Chapter 25 Greenhouse Gases Emissions from Natural Systems: Mechanisms and Control Strategies




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CHAPTER 25






Greenhouse Gases Emissions from Natural Systems: Mechanisms and Control Strategies




Xiaolei Zhang, Song Yan, R. D. Tyagi, Rao Y. Surampalli, and

Tian C. Zhang




25.1 Introduction



Greenhouse gas (GHG) is emitted from human activities and natural systems. The former is counted as the major source of the emission (around 70% of total emissions); however, the latter also pronounce a great amount of emission, which is around 4800 TgCO2 equivalent per year (U.S. EPA 2010). The GHG emissions from natural systems majorly include the emissions from wetlands, oceans, freshwater bodies, permafrost, termites, ruminant animals, geologic settings, and wildfire, and among all, wetlands are majorly responsible (Song et al. 2008; Danevčič et al. 2010).


Wetlands are divided into peat wetlands, also called peat lands, and non-peat wetlands (Wilson et al. 2001; Blain et al. 2006). GHGs emitted from wetlands are mainly in the form of methane rather than carbon dioxide and nitrous oxide. Reports have shown that wetlands are one of the primary sources of atmospheric methane, which accounts for 3900 TgCO2 equivalent per year (> 81% of total natural system GHG emissions) (Zhuang et al. 2009; U.S. EPA 2010). The GHG emissions are due to the degradation of organic materials under the anoxic condition. Strategies that are to cut off methane production or diffusion to the atmosphere should be developed for controlling the emissions from wetlands and peat lands. It is known that methane production is due to the domination of methanogenic microorganisms in the system; therefore, it would mitigate methane emission by promoting the growth of methanotrophs and other microbial communities to diminish the growth of methanogens. When the production occurs, capturing and storing it before it enters into the atmosphere would also be a method (Bourrelly et al. 2005; Chathoth et al. 2010).


Compared to wetlands, other natural systems (oceans, freshwater bodies, permafrost, termites, ruminant animals, geologic settings, and wildfire) contribute a small fraction of the GHG emissions from all natural systems (< 20% of total). The emission from oceans and freshwater are not well understood; however, it may be linked with two important factors: a) the result of anaerobic digestion of fish and zooplankton and b) the result of methanogenic microorganism activities in the sediments (Levitt 2011). Billions of tonnes of methane are locked on the Arctic soil, while as permafrost melts, there is a great risk of methane seeping. In fact, it is a vicious circle because as methane emission increases, thawing of permafrost would be enhanced, which would result in more methane emission (Laurion et al. 2010). Termites is considered as the second largest methane emission natural sources (the first largest is wetlands and peat lands). Methane is produced in their normal digestion process, and the production amount varies according to the species and regions. Ruminant animals such as cattle, sheep, and wild animals are methane emission sources as well. The emission is mainly from the digestion, and highly depending in the population of animals. Geothermal-volcanic systems and hydrocarbon-generation processes in sedimentary basins are two major sources of GHG geologic emissions. These emissions have always been neglected or paid little attentions before year of 2000, while over the last ten years studies have been done to confirm that geological GHG emission significantly contributes to the global GHG emission (Etiope and Klusman 2002; Etiope 2009). Wildfires, also called natural forest fires, also causes GHG emission including carbon dioxide and methane, because of incomplete combustion of organic material.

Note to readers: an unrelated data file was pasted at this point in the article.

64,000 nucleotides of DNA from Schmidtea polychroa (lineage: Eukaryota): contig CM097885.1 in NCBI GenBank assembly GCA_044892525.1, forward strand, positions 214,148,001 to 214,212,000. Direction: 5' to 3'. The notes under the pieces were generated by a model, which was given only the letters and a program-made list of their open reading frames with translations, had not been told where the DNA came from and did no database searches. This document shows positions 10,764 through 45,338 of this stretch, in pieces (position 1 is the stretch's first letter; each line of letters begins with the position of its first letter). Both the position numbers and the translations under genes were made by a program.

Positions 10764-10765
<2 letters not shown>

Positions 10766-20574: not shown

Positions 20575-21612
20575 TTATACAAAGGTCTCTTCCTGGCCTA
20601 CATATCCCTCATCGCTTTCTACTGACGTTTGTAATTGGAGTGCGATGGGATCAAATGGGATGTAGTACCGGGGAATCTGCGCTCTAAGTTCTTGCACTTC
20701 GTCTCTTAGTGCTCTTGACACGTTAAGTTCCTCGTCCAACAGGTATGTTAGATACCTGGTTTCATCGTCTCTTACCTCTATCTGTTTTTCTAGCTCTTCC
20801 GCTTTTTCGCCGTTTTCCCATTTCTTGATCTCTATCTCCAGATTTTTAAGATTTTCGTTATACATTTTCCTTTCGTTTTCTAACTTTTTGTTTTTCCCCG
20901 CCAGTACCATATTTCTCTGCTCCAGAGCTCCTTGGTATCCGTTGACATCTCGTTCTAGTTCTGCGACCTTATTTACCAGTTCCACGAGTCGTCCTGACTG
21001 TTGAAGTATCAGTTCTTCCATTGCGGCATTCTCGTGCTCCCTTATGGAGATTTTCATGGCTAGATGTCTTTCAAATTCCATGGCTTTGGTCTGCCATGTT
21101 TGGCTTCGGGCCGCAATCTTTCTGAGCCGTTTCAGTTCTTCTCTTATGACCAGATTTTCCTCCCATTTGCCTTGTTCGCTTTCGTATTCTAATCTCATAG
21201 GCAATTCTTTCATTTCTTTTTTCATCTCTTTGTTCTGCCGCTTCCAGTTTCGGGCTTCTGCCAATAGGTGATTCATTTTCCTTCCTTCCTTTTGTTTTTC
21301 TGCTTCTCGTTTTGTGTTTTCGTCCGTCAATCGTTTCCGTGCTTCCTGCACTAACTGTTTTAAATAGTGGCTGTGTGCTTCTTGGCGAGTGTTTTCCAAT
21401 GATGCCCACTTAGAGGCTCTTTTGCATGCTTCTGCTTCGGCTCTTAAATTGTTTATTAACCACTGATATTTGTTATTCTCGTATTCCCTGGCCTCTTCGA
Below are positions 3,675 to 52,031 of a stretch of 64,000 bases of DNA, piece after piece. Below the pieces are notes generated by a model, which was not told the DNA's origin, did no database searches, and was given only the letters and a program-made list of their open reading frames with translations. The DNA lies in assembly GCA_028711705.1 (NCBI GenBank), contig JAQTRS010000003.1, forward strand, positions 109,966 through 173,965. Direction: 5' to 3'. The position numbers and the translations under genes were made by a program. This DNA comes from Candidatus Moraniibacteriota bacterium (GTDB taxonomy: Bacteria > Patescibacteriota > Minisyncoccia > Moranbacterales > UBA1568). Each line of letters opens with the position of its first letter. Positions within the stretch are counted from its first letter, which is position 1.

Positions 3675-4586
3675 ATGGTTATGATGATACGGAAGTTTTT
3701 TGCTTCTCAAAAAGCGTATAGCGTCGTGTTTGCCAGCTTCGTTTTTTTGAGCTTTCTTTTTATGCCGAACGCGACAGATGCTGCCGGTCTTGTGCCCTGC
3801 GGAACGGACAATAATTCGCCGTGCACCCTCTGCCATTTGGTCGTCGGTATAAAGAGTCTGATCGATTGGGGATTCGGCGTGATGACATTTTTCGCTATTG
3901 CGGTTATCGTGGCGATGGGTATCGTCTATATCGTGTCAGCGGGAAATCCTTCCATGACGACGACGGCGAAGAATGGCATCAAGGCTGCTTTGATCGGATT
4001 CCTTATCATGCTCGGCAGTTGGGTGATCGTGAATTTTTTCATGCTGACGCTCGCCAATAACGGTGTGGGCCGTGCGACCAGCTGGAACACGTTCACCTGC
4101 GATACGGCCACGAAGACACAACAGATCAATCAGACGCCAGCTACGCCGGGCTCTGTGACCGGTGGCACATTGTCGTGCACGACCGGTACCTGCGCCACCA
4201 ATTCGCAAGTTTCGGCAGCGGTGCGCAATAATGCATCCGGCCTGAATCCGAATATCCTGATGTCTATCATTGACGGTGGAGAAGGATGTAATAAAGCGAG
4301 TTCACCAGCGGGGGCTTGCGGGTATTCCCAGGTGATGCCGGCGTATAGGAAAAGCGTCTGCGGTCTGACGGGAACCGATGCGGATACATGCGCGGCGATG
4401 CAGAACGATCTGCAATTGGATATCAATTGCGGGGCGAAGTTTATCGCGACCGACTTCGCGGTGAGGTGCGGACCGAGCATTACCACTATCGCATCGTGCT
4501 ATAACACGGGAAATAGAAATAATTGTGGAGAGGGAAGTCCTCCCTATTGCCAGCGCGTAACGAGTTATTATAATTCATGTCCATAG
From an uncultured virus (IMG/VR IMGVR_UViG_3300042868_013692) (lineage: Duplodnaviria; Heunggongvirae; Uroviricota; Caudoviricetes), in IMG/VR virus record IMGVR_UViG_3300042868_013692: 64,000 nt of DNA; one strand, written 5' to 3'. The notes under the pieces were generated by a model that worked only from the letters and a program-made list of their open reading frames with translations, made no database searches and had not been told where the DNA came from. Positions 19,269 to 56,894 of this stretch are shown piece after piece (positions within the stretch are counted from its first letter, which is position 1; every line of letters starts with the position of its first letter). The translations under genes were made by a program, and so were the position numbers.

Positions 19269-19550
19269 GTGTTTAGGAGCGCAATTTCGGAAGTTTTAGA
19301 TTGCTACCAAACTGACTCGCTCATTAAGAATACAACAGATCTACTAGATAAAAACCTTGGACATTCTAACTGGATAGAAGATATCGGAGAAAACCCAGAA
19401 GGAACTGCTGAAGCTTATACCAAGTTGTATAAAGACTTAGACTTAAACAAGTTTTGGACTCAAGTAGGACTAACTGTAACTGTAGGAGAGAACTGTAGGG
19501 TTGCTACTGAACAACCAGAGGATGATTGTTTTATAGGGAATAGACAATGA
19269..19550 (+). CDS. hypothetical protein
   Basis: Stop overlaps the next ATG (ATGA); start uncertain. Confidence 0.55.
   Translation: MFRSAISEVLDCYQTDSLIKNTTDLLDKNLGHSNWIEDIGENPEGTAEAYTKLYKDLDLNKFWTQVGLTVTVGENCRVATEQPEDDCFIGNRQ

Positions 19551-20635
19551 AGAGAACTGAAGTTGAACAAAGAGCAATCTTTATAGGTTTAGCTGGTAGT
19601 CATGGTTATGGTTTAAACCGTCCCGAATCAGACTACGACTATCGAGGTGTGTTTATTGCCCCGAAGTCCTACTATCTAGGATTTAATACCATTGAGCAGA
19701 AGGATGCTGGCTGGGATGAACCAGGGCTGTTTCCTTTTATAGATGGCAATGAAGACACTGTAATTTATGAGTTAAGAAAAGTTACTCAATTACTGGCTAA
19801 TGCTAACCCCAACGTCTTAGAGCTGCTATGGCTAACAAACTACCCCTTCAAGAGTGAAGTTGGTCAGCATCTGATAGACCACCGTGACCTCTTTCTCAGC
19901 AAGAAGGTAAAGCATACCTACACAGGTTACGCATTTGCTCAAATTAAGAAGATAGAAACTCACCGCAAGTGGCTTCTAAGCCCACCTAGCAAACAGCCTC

In this chapter, the mechanisms of GHG emissions from natural systems including wetlands, oceans, freshwater, etc., are described; the strategies to control GHG emissions are discussed.


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